More than two-thirds (70%) of 2019 long-term care insurance policy claimants received initial benefit payments for care at home according to new data from the American Association for Long-Term Care Insurance (AALTCI).
The organization released findings in conjunction with November’s Long-Term Care Awareness Month.
“Consumers still mistakenly associate long-term care insurance primarily with skilled nursing home care,” says Jesse Slome, director of the organization. “Agents really should explain that this is nursing home avoidance protection. Funds to help cover costs associated with care services provided in your own home where you’d prefer to be.”
The just-concluded analysis of claims paid in 2019 found that 70% of new claims began with the policyholder receiving care at home. This represents an increase from 52% reported by the Association study of 2014 claims data. “The majority of LTC insurance claims began and also ended with the policyholder receiving care in their own home,” Slome notes.
According to the Association, in 2019 the nation’s long-term care insurance companies paid $11 billion in benefits to some 310,000 individuals. “While sales of traditional LTC insurance policies have declined in recent years, claims paid have increased 35% from $8.1 billion paid in 2015,” Slome notes.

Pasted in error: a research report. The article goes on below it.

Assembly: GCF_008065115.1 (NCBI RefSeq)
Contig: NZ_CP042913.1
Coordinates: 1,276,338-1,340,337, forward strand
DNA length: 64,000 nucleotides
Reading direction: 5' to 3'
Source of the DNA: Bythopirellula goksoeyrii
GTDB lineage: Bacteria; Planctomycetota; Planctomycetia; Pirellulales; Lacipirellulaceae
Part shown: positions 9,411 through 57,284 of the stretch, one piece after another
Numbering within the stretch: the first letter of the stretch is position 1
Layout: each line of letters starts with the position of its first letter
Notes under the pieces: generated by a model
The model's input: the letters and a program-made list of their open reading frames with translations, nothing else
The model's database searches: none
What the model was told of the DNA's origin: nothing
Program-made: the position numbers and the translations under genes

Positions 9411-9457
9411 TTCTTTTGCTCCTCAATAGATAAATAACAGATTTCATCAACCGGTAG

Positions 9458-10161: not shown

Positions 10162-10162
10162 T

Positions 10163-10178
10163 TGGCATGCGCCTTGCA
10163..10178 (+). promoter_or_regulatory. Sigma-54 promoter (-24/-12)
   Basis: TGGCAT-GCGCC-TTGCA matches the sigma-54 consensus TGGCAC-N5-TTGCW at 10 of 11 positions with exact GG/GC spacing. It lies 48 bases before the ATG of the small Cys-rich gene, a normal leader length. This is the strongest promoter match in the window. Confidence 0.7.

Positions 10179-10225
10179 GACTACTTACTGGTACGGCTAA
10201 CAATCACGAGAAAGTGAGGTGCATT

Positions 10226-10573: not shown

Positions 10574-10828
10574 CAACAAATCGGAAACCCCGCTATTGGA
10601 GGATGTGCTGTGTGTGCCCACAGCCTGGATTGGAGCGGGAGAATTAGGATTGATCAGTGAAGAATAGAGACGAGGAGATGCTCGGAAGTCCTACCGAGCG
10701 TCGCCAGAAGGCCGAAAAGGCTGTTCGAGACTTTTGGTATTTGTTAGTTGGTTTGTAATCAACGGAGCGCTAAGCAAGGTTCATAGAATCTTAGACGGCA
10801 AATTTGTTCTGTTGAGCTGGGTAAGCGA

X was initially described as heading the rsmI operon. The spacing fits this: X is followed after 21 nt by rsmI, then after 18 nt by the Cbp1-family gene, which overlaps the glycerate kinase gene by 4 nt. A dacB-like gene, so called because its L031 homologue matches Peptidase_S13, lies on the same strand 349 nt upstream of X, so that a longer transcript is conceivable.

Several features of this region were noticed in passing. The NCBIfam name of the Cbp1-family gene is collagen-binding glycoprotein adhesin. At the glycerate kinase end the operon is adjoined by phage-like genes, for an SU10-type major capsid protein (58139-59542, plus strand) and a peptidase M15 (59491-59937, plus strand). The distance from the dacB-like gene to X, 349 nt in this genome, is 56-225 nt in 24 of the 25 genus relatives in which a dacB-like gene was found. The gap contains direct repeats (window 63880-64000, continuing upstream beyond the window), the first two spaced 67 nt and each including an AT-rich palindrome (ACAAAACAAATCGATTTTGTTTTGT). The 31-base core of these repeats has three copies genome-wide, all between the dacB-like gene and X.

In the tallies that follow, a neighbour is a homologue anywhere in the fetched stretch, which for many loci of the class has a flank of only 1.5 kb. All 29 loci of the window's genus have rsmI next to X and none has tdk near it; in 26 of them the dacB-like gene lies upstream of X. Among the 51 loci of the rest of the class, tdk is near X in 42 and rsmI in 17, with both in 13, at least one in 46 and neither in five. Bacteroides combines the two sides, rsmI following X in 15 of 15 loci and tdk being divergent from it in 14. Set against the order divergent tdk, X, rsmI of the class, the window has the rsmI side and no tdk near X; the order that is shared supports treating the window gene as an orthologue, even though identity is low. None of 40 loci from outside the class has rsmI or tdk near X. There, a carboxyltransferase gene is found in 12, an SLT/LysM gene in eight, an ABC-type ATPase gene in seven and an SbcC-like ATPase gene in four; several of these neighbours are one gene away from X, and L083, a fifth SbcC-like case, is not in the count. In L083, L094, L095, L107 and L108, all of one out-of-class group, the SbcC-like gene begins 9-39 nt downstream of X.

In 2019, fewer than one in 10 new claims began with care provided in a nursing home according to the Association’s study. The balance, around 18% commenced with care in an assisted living setting. “Covid-19 has made individuals increasingly desirous of the ability to remain at home and more insurance professionals are focusing on the home care benefits available,” Slome says.
“For less than $100 a month, a 57-year-old male can currently purchase a policy that pays $5,100 monthly for home care services when he reaches age 85,” Slome adds. “If home care is then needed for two years, the policy would pay out over $122,000 in total benefits.”
Such a policy would also provide benefits should qualifying care be received in either an assisted living or skilled nursing home facility.
The American Association for Long-Term Care Insurance advocates for the importance of protecting against the real risk of needing long-term care and supports insurance professionals who market both traditional and linked-benefit LTC insurance solutions.